Could be that most of her professional networks are out-of-state? Worth asking. I for one am always happy to have out-of-state money brought to NOLA, as long as it doesn’t overrule local voices and concerns.

          • I’m curious where you get your info from or whether it is just made up.

        • that’s still three times as many local donors as latoya had, who is also not from here. dana had the most donors and the smallest average donation with a strong local base of support. she also qualified by petition, confirming that base of local support. why couldn’t the other candidates do the same?

          • am i the only one who thinks the signature thing was a huge political stunt? also – latoya has significant less money which means less donors which means less donors from new orleans. plain and simple.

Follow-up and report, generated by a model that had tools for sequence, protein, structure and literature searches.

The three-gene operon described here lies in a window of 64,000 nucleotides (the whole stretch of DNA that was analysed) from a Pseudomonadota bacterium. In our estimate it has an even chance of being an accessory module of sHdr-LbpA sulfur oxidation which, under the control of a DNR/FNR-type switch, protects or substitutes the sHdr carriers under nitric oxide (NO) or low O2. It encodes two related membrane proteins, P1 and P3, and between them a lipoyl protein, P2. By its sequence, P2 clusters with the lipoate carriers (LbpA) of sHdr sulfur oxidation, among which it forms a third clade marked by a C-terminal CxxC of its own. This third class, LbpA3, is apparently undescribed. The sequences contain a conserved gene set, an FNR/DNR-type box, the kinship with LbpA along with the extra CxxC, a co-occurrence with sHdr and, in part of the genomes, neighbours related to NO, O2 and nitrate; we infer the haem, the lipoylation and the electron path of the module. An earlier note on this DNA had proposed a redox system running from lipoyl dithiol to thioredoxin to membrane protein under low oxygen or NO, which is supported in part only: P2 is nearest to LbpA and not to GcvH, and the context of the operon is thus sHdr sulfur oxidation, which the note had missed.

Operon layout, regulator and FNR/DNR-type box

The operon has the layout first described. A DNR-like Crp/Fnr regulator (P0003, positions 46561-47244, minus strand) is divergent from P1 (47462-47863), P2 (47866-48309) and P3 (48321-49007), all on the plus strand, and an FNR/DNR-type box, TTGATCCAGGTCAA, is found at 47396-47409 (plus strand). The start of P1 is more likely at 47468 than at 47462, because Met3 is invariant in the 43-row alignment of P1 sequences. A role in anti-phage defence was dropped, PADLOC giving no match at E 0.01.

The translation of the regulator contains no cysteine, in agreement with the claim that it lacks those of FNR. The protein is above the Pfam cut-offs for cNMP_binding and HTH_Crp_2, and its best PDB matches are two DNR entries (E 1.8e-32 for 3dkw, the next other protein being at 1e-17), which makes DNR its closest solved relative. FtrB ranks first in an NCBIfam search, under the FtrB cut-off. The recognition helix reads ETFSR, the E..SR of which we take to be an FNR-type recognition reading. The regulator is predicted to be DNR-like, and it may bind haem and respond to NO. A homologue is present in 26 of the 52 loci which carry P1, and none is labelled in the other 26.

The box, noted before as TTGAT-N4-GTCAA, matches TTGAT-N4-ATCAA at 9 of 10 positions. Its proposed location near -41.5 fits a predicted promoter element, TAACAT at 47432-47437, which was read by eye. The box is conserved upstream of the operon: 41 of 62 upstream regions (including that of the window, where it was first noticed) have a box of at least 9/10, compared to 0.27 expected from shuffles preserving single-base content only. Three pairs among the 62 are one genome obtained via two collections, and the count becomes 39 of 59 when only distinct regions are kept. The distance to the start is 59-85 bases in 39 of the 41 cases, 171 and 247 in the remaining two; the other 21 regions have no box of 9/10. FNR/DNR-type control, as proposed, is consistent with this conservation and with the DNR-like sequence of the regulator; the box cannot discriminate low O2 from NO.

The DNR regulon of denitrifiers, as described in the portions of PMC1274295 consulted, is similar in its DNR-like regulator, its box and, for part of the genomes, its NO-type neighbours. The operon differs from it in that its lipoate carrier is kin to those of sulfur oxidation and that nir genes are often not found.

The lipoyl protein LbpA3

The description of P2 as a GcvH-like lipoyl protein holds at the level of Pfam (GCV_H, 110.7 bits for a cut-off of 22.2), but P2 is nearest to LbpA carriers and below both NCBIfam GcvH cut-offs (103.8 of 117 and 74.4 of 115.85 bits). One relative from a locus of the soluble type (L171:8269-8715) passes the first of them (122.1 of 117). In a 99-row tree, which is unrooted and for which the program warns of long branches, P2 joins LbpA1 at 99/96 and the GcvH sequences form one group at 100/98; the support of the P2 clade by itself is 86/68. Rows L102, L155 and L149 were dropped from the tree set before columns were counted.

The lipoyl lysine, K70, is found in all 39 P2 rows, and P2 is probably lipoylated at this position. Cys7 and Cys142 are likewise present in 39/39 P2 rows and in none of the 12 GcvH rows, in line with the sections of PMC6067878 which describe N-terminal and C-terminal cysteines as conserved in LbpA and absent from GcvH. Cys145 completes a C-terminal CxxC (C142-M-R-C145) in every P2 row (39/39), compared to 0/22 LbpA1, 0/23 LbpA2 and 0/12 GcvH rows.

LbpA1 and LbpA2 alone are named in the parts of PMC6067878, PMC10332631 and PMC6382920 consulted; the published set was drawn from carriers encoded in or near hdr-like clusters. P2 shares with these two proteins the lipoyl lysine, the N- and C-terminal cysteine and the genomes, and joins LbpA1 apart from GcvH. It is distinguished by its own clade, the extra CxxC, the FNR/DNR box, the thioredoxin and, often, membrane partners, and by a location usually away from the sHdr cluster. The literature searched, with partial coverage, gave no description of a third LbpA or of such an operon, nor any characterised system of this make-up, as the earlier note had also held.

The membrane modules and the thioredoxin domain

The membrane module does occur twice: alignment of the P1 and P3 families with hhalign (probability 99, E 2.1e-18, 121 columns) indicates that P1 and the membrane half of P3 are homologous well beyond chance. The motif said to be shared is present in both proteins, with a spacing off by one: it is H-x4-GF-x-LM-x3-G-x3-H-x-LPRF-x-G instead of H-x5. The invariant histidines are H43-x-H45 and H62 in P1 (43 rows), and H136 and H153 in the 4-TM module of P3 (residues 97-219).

the finance reports are public record somewhere online. maybe louisiana.gov?

          • What do you mean by “huge political stunt”? It is one of two ways to qualify for the ballot by our own laws… the other is to pay money. She opted to get signatures instead of writing a check. Are you that jaded that you prefer politicians who can pay and stay out of the way?

        • Not being from here is a GOOD THING in my book. See Nagin, Morial, O. Thomas, Gill-Pratt, Jefferson, etc. etc. etc.

  3. I’ve been past DK’s campaign headquarters, and trust me, it’s nothing fancy. It’s a second floor of an old building on Claiborne. Not sure why it would cost that much, I guess it’s after 4+ months of campaigning. The others don’t list rent, so they probably have gotten some nice spots donated?

  4. Why hasn’t Head donated or endorsed Strachan? That’s what stands out to me the most